Standard Practice for Acceptance of Evidence Based on the Results of Probability Sampling
|Publication Date:||15 May 2010|
This practice presents rules for accepting or rejecting evidence based on a sample. Statistical evidence for this practice is in the form of an estimate of a proportion, an average, a total, or other numerical characteristic of a finite population or lot. It is an estimate of the result which would have been obtained by investigating the entire lot or population under the same rules and with the same care as was used for the sample.
One purpose of this practice is to describe straightforward sample selection and data calculation procedures so that courts, commissions, etc. will be able to verify whether such procedures have been applied. The methods may not give least uncertainty at least cost, they should however furnish a reasonable estimate with calculable uncertainty.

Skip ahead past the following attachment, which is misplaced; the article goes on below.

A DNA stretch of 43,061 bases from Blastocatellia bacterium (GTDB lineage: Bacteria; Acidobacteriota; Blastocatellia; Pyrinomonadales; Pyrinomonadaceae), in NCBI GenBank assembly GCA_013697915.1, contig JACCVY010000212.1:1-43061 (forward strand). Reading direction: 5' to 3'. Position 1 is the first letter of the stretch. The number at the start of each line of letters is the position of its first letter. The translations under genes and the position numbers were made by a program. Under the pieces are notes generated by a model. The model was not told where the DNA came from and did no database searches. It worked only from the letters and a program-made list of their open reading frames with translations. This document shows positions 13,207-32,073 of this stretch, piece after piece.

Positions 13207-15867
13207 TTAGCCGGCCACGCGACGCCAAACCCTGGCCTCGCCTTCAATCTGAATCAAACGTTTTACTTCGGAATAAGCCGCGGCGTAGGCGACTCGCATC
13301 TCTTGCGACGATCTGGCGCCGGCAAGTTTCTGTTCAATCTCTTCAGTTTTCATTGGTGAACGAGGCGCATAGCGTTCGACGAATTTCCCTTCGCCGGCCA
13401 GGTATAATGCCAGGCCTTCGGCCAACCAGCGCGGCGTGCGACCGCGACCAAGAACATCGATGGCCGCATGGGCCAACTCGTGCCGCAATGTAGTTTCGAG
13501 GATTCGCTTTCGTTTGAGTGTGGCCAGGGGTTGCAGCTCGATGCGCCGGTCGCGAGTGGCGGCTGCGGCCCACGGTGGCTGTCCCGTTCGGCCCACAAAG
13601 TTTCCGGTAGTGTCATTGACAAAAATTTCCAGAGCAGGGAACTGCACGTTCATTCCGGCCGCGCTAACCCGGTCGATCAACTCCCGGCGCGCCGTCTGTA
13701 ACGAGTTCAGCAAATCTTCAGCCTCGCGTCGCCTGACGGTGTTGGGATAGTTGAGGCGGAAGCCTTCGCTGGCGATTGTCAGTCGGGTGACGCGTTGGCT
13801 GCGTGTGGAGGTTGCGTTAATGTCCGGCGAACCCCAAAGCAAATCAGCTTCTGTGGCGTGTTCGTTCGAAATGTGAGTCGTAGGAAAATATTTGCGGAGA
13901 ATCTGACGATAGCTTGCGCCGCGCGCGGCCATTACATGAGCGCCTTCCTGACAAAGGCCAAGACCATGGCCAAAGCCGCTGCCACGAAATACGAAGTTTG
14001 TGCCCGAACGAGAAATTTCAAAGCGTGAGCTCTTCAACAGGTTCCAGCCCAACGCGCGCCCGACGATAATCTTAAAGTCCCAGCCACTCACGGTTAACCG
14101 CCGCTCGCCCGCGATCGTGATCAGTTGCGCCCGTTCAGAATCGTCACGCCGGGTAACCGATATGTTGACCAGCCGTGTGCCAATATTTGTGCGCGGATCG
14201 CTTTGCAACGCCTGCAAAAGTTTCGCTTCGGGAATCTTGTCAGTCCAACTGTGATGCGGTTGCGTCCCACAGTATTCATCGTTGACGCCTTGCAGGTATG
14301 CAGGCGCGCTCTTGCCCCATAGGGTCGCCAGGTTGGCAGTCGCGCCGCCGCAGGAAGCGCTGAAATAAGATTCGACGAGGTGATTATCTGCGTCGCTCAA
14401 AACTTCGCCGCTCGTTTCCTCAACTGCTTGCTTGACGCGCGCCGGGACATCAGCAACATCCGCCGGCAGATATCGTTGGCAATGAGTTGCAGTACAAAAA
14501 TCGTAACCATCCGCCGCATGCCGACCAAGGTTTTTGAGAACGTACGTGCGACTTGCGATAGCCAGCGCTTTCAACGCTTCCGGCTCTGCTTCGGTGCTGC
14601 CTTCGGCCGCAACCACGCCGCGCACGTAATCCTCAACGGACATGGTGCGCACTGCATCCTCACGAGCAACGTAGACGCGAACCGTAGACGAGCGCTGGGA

This practice is primarily intended for one-of-a-kind studies. Repetitive surveys allow estimates of sampling uncertainties to be pooled; the emphasis of this practice is on estimation of sampling uncertainty from the sample itself. The parameter of interest for this practice is effectively a constant. Thus, the principal inference is a simple point estimate to be used as if it were the unknown constant, rather than, for example, a forecast or prediction interval or distribution devised to match a random quantity of interest.
A system of units is not specified in this standard.
This standard does not purport to address all of the safety concerns, if any, associated with its use. It is the responsibility of the user of this standard to establish appropriate safety and health practices and determine the applicability of regulatory limitations prior to use.